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Cutting crust

02/04/2013 @ 9:56am

The crust that can form on powdery silt loam and some sandy loam soils rivals concrete. At least it can seem that way to irrigators farming on this type of land. The result is a crust so hard that when it dries, it limits water infiltration into the soil.

Some innovative Agricultural Research Service scientists not only have discovered what causes the crust (the impact of droplets from irrigation sprinklers) but also have devised a ready-fit nozzle system that promises to reduce crust occurrence. The system allows water applications to be adjusted during the season to suit growing conditions. “Sprinkler heads can be inexpensively and easily modified to adjust water volume and also the force with which the water droplets hit the soil surface,” says Gary Lehrsch, an ARS soil scientist who led a five-year research project on the topic at the Northwest Irrigation and Soils Research Laboratory in Kimberly, Idaho.

The cause of the crusting is the kinetic energy caused by water drops hitting soil. Certain soils — like powdery silt loam, which is low in organic matter — are especially prone to crusting. That particular soil is prevalent in south-central Idaho where this research was conducted. The soil crusting reduces water infiltration and can greatly impact seedling emergence. The ARS research team found, for example, that sugar beet seedling emergence increased 6.5% when droplet energy was reduced 50% by a change in sprinkler type.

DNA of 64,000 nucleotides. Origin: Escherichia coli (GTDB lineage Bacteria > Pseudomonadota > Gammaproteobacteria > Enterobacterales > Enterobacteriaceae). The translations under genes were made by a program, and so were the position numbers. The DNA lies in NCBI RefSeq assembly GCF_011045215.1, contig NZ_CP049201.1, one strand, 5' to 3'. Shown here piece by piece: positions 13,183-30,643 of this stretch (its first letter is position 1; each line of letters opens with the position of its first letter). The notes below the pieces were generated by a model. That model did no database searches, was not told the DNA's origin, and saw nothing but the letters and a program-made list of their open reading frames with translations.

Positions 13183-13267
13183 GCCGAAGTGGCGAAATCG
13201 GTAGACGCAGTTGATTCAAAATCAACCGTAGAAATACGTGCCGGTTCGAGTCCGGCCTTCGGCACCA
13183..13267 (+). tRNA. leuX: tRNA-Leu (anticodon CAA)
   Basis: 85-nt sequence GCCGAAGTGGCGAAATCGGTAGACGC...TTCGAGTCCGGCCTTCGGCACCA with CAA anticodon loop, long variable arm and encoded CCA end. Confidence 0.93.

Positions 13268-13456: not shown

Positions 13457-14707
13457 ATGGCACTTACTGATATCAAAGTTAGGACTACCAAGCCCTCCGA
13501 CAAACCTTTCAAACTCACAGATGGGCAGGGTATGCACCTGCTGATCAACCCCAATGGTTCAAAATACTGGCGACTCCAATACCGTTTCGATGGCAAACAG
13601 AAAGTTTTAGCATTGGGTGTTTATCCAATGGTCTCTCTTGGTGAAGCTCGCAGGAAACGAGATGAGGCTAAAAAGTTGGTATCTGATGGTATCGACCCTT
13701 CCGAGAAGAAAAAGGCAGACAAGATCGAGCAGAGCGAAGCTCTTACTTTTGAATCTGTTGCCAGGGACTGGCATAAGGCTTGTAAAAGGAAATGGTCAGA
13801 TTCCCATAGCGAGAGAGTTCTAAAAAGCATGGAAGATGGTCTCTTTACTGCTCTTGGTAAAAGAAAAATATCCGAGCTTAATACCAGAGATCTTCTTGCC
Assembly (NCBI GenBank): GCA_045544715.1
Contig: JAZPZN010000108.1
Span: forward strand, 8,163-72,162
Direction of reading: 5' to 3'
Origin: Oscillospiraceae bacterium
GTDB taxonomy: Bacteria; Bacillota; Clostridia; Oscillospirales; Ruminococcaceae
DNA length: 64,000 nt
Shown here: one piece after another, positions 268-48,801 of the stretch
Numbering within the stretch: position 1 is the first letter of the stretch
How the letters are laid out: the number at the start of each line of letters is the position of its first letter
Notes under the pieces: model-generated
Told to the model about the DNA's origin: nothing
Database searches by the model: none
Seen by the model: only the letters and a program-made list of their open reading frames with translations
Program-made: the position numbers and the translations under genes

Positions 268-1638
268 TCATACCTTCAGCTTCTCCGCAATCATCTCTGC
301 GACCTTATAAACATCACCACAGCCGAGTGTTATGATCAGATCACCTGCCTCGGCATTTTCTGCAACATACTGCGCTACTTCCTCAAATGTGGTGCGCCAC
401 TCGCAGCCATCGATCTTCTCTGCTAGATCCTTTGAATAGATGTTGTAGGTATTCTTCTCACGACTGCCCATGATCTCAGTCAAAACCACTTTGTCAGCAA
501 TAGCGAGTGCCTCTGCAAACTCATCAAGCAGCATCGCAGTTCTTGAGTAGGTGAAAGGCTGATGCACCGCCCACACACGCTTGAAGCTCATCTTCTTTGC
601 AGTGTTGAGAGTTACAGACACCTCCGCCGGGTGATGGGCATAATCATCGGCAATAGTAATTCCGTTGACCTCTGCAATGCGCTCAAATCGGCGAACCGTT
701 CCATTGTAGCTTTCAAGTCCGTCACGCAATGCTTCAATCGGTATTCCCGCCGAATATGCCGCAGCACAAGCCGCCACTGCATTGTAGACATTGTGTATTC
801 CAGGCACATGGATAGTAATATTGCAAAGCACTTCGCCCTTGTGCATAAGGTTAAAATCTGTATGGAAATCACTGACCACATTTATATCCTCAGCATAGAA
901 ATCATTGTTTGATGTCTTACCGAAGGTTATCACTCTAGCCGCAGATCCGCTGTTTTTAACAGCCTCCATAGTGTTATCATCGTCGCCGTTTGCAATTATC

Lehrsch also found that the impact from water droplets delivered by certain sprinkler types increased crusting of freshly tilled silt loam by 18% and increased the soil's water-filled pore space by 35% after just one irrigation in freshly tilled silt loam. Infiltration through certain small soil pores was reduced by almost 500%.

Lehrsch and his team set about devising a sprinkler head system that could be modified so that irrigation had either low- or high-droplet energies.

They field-tested a variety of nylon plates (shown below) to determine their droplet energy as well as application rate. That effort involved measuring soil aggregate stability and surface soil penetration resistance (a measure of crust strength) four days after the first postplant irrigation and up to 14 days after the last irrigation. 

Learn more

ars.usda.gov/is/pr/2012/120522.htm

Gary Lehrsch | gary.lehrsch@ars.usda.gov

The ARS nozzle design consists of a sprinkler head body that can house a variety of different spray plates. These different plates alter droplet size to suit soil conditions. The sprinkler body attaches to either side of a dual-nozzle unit. One side of the dual-nozzle unit applies less water (usually early in the growing season), while the other side applies more water (later in the season).

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